When Tom Vialle crossed the line in the first MX2 Race of last Wednesday’s MXGP of Pietramurata, he completed the transition Red Bull KTM had envisioned when they signed the then 18-year-old Frenchman just two years ago. At the time, KTM was in the midst of Jorge Prado’s back-to-back MX2 Motocross World Championship title runs, and they were already keen to look to the future.
That foresight on the part of Dirk Gruebel, Pit Beirer, and everyone making the decisions at KTM, has built a recipe of success that is unheard of. Since the inception of the MX2 class in 2003, KTM has claimed 15 of the 18 championships available. If not for an untimely Jeffrey Herlings injury and a late-season surge from Tim Gajser in 2015, we’d be looking at the 13th straight occasion of a KTM rider taking home the crown.
In a way, Vialle was one of the biggest surprises of the many champions that have now come through the camp. When KTM signed him in late 2018, it was a bit of a shock. That year, Vialle had raced all but one EMX250 race and only managed eighth in the championship with a sole moto victory. But KTM still saw the potential to button up a few issues with inconsistency and optimize his performance elsewhere.
Sure enough, his rookie season began with consistent finishes inside of the top 10 and slowly built to an overall win in Sweden late in the year. Now, in just his second season, he has asserted himself as the man to beat in MX2 after racking up 14 race wins and seven Grand Prix victories on the way to his first World Title. In doing so, he joined a list comprising of Steve Ramon, Ben Townley, Tyla Rattray, Marvin Musquin, Ken Roczen, Jeffrey Herlings, Jordi Tixier, Pauls Jonass, and Jorge Prado as riders to deliver the goods for KTM in the MX2 class.
“I was almost crying on the last lap. There was so much emotion. It was really special,” said Vialle on his title clinching victory. “I want to say a big thanks to the whole team and everybody who worked together to make this happen. It was tiring to have a lot of races so close together and also keep the concentration through the training. I think we did it pretty good.”
It's not as though Tom Vialle was a total unknown. The son of former Grand Prix star, Frederic Vialle, Tom’s upbringing was sure to set him on a great path for success when you have someone who has been there guiding you along. But these success stories are piling up for KTM and it doesn’t seem like there’s conclusive evidence that another team in the paddock will stop them any time soon.
Sustained championship success like this doesn’t happen overnight and it’s easy to see when that transition really began. On the heels of Alessio Chiodi’s three 125cc titles in a row for Husqvarna from 1997 to 1999, KTM ramped up their program for the dawn of the new millennium. With it, they were rewarded with back-to-back 125cc titles from Grant Langston and James Dobb, respectively. KTM's two-stroke engines were known as big power houses back in those days, but the brand successfully kept that rep going during the switch to four strokes.
The sustained success is not just that of one magical rider coming along every couple of years either. Of those 15 MX2 World Titles, seven of them featured a KTM 1-2 finish in the championship. Often in the USA, we talk of the success Monster Energy/Pro Circuit Kawasaki had while transitioning into the four-stroke era, as they claimed a truckload of 250 Class titles from 2005-2012. Now it seems that Monster Energy/Star Racing Yamaha has fully taken their place as that next great 250 team stateside. Impressively, Red Bull KTM has ruled the 250cc four-stroke division on the world stage for that entire time.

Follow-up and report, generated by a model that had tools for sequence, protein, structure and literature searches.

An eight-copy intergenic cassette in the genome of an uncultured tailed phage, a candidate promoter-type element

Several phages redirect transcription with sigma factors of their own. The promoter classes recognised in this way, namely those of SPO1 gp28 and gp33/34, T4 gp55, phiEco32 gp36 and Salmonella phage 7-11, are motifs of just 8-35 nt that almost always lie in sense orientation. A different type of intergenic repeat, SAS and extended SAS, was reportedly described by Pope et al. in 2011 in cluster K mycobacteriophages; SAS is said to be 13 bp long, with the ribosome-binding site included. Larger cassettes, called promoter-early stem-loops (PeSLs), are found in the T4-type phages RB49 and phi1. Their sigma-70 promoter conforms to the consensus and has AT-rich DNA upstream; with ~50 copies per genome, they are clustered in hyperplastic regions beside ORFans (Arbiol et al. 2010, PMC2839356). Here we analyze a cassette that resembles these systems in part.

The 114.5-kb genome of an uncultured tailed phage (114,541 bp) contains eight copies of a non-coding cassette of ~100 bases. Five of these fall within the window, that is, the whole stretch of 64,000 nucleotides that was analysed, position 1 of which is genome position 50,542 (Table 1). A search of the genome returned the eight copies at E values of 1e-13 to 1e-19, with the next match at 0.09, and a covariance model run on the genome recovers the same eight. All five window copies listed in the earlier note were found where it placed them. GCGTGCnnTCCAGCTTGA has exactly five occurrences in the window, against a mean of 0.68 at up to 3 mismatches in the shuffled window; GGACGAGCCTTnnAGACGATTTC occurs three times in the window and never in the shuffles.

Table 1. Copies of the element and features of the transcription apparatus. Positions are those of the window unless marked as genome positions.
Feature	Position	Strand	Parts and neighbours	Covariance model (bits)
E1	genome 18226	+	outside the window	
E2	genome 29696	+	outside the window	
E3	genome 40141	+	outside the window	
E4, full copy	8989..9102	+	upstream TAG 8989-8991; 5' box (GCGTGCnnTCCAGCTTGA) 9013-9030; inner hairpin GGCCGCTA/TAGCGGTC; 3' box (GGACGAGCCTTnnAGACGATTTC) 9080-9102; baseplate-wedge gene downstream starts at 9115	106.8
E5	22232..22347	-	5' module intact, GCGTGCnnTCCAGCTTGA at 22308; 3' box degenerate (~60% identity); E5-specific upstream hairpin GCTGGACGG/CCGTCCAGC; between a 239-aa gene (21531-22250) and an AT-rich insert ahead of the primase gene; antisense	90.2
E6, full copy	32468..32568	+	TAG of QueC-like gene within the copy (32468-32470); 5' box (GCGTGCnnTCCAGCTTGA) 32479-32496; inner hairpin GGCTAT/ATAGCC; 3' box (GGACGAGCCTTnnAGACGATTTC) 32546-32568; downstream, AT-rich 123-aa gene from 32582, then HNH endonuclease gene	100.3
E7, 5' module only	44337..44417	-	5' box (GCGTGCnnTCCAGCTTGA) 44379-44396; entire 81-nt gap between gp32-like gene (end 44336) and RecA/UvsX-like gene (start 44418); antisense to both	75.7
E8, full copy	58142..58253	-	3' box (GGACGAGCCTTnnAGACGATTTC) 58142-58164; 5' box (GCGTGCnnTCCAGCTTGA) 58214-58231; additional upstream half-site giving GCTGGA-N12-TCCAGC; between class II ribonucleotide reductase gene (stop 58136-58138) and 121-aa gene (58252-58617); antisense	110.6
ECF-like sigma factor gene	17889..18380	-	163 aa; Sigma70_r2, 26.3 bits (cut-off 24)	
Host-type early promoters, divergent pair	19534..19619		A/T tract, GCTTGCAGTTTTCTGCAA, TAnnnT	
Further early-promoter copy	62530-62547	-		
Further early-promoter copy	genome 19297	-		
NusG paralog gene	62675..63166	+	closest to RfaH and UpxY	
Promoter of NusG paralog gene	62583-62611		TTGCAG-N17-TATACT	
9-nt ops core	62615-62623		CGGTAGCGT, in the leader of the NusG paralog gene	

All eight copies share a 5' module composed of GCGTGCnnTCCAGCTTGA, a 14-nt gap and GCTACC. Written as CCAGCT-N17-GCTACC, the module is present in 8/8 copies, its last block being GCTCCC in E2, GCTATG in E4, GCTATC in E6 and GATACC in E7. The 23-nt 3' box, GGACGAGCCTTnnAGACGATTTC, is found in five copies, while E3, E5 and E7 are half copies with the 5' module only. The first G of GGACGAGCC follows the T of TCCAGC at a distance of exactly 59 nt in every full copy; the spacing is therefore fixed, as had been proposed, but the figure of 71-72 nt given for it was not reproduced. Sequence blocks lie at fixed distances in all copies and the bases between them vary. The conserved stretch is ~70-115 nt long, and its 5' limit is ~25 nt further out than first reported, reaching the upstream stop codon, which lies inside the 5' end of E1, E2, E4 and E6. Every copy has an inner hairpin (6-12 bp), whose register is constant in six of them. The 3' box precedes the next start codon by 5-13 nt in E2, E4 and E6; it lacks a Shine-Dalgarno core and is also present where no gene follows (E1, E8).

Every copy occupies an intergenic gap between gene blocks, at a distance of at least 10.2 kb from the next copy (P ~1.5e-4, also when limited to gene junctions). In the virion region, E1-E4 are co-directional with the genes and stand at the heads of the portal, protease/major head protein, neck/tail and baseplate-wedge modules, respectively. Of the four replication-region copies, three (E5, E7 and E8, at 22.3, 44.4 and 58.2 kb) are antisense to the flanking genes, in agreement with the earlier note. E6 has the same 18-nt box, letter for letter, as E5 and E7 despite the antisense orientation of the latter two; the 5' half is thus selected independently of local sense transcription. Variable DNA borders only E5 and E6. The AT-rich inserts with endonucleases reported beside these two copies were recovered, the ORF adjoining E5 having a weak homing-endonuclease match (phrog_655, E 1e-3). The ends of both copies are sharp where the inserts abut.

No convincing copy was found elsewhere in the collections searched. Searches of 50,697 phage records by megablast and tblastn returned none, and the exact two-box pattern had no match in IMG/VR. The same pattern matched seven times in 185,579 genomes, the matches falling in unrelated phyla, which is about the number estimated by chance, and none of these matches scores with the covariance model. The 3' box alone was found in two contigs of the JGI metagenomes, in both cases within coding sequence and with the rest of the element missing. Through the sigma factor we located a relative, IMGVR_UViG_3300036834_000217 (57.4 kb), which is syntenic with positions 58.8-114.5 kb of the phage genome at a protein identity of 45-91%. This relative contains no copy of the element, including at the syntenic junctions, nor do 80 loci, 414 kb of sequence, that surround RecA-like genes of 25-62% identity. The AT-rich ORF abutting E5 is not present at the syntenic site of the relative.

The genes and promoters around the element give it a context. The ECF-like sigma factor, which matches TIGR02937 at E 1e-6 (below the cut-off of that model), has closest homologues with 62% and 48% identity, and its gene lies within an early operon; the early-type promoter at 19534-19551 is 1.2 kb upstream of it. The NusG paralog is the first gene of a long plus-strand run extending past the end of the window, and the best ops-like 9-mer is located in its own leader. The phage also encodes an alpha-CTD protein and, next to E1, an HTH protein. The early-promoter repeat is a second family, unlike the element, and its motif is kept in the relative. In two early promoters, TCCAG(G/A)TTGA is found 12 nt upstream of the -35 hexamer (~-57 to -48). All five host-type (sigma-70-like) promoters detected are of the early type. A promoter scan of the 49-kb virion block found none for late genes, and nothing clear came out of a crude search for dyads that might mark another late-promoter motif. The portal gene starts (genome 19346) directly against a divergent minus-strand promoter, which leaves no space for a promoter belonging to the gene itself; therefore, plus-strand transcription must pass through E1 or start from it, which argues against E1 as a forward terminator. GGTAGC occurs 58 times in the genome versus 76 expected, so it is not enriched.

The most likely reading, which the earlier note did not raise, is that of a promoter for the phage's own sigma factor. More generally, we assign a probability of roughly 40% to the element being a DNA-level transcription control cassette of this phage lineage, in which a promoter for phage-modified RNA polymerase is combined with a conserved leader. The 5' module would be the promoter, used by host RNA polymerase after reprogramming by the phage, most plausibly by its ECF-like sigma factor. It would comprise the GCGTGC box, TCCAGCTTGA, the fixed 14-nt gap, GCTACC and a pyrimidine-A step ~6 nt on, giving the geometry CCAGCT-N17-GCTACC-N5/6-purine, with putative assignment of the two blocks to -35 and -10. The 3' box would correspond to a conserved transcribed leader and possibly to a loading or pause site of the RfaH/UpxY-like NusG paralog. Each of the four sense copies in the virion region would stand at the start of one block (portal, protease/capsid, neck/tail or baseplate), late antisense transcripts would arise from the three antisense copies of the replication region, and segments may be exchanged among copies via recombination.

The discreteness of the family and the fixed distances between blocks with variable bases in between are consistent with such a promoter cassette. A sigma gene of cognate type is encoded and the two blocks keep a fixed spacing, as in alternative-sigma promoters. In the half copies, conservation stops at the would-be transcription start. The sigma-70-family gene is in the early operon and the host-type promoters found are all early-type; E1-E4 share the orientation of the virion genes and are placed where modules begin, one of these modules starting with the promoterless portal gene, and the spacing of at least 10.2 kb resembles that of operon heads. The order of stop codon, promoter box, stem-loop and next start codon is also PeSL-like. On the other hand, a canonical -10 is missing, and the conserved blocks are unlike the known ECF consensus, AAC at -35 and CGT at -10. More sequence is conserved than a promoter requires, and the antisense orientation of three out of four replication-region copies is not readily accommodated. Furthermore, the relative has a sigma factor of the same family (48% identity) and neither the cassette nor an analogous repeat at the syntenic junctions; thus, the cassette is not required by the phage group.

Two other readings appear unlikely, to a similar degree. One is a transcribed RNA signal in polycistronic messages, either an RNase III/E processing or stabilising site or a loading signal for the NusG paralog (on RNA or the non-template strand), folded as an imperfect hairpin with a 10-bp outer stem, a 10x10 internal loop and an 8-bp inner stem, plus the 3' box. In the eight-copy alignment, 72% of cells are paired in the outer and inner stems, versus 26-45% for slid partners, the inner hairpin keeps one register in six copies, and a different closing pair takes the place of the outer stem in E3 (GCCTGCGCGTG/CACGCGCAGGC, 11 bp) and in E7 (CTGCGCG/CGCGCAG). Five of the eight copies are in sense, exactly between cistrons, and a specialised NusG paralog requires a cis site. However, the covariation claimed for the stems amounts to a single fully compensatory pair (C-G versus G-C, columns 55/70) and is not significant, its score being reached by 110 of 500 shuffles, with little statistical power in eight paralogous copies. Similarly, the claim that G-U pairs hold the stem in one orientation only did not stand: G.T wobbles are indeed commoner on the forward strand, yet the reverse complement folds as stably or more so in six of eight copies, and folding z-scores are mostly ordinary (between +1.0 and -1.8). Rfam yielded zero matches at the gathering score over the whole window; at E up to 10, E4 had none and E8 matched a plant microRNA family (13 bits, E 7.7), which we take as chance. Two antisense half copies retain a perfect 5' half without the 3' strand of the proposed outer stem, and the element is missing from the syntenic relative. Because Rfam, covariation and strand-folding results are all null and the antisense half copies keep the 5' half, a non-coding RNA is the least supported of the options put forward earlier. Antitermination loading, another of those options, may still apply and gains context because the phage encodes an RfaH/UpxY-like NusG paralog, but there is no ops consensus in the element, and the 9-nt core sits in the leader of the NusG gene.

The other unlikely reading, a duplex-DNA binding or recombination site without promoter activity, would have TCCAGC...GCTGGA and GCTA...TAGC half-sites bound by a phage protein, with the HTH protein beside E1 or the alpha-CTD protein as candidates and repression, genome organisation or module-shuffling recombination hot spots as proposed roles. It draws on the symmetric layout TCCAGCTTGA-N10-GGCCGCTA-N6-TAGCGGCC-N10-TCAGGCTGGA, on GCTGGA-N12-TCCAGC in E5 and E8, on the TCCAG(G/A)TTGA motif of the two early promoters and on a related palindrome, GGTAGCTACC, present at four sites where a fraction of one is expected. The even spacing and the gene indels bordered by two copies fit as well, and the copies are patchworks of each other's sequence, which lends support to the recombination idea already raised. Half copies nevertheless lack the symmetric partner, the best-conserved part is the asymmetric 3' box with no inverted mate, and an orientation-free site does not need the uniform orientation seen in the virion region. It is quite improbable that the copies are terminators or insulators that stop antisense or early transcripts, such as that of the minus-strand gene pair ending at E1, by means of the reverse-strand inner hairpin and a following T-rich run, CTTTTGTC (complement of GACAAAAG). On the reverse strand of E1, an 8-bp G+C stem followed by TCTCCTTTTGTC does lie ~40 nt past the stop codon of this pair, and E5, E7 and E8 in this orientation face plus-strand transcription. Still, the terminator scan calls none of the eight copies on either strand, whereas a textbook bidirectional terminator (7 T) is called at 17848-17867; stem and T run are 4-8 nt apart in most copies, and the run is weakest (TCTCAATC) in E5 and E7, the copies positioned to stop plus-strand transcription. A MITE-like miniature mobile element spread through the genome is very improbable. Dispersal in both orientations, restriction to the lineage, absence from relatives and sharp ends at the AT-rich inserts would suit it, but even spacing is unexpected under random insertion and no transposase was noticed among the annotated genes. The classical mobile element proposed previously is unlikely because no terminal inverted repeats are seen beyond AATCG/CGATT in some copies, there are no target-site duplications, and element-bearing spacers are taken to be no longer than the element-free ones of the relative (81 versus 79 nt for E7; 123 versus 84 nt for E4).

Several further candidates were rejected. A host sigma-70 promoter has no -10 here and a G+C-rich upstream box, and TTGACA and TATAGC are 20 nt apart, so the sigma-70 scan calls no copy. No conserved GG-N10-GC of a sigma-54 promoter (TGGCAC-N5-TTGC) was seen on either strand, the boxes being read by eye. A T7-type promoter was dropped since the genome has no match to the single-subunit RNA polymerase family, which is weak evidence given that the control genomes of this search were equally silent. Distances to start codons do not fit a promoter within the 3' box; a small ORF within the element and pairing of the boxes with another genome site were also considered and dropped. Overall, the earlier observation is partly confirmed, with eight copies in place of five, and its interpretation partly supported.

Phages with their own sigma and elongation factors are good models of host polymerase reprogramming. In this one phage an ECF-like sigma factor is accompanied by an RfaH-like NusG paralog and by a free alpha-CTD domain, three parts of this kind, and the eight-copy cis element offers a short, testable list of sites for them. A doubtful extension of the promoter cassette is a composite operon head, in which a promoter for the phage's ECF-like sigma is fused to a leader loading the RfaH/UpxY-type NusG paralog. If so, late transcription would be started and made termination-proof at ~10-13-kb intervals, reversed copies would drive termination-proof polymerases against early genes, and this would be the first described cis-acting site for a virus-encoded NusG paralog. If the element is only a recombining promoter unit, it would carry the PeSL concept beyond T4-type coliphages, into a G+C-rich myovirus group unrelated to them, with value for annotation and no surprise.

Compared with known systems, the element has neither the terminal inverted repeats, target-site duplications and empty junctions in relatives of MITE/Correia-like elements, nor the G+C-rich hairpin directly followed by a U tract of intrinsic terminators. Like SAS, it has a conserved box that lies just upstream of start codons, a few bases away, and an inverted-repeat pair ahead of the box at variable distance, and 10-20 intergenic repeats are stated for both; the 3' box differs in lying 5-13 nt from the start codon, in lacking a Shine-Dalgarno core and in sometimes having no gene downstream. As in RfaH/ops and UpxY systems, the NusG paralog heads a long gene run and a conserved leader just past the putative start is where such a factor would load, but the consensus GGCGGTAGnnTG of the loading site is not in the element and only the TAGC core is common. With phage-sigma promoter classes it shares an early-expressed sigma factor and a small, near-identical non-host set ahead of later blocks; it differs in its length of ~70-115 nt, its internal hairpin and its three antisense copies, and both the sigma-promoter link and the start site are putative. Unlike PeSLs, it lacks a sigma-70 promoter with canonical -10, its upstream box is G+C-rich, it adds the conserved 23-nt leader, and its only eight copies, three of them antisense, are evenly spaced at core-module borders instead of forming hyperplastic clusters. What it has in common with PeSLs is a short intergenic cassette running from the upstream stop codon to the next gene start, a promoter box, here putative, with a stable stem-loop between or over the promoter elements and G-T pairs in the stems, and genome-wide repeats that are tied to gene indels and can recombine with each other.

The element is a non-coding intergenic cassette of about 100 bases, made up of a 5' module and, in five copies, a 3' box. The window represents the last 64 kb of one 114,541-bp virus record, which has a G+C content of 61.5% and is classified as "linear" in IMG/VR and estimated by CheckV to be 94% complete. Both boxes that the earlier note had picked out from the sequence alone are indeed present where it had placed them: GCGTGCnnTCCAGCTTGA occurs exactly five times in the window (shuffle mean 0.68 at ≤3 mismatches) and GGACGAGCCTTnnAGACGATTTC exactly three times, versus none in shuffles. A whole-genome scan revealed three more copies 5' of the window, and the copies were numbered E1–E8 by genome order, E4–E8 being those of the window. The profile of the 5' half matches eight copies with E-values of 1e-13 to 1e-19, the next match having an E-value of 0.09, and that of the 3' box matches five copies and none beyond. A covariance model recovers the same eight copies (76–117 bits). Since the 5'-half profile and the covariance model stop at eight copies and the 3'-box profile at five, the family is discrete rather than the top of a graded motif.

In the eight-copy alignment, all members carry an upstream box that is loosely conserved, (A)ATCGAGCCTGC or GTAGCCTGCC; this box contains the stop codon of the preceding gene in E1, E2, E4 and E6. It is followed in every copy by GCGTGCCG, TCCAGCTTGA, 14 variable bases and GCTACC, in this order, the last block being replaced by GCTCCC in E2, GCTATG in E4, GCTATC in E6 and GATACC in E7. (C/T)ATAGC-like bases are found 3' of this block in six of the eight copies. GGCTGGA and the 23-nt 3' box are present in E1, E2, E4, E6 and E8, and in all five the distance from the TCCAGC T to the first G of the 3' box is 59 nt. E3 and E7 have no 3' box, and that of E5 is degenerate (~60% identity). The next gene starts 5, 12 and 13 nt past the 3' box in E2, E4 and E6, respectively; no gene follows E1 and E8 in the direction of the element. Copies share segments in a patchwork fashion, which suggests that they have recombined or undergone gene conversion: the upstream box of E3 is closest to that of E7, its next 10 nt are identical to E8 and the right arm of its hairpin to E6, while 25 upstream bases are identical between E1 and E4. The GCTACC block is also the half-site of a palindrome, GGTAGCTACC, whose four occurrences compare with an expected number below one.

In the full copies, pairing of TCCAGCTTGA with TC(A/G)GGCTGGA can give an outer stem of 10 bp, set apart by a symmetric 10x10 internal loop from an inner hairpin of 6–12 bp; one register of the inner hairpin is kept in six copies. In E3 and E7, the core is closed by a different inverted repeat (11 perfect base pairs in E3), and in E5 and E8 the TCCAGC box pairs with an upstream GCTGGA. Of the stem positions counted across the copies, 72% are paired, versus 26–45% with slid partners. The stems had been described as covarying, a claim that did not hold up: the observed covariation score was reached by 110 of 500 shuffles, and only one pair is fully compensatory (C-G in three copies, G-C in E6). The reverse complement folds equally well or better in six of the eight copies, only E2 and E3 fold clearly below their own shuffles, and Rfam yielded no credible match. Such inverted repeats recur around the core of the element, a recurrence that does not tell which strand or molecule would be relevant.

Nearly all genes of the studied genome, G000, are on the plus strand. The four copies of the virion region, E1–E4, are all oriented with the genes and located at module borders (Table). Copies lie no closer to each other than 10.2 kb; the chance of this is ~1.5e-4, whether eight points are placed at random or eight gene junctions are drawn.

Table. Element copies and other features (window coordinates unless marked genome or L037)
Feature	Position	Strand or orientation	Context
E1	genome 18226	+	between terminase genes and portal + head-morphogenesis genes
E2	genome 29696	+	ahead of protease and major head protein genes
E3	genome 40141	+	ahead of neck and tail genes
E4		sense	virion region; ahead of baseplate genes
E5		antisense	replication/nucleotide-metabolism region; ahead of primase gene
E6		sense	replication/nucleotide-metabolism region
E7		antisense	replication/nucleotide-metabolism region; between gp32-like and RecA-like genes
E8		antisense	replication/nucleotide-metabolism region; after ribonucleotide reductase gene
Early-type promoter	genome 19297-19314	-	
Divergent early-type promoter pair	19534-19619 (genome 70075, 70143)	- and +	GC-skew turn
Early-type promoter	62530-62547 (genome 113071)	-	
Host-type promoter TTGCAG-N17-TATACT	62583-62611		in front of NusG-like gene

“We are known for having a fast 250—also a 450!” said Dirk Gruebel, Red Bull KTM Factory Racing Team Manager. “But I still think we have the benchmark in MX2 for everybody and Tom is another rider who knows how to make starts with it. It’s a really good motorcycle and we’ve been winning since 2004 with that concept. Tom being the ninth world champion shows its quality.”
Earlier this year, KTM’s fresh-faced 18-year-old, Rene Hofer, finished second in just his second moto with the team behind Vialle at the British Grand Prix. Unfortunately, the young Austrian would fall to injuries early in the season and not return to action, but the seed has been planted. Now that Vialle has his first championship, the clock is ticking on the next man up for KTM. It appears that weight will land on the shoulders of Hofer.
With a streak this big, it’s becoming a matter of “how long will this continue?” rather than an “if they can do it again?” scenario. For KTM, Hofer presents a unique opportunity for an Austrian motorcycle brand to carry an Austrian rider to glory for the first time in the sport’s history. At this point, there’s no reason to believe that they can’t make that a reality. They have not only taken obvious talents like Roczen and Herlings to the top of the MX2 ranks, they’ve also taken riders who might be considered longshots and have found the same success.
If anyone or any team is going to dethrone them in the coming years, it appears that Monster Energy Factory Yamaha's MX2 squad has the best shot. With riders Jago Geerts, Maxime Renaux, and rookie Thibault Benistant, they have the talent to do it. But they still all have to go through Vialle again next year as the young Frenchman looks to become just the fourth rider to go back-to-back for KTM.
For KTM, the success has been earned as much as it appears like a given. And for Vialle, his dedication to the KTM program has already paid off. When the calendar flips away from 2020 into 2021, the story continues.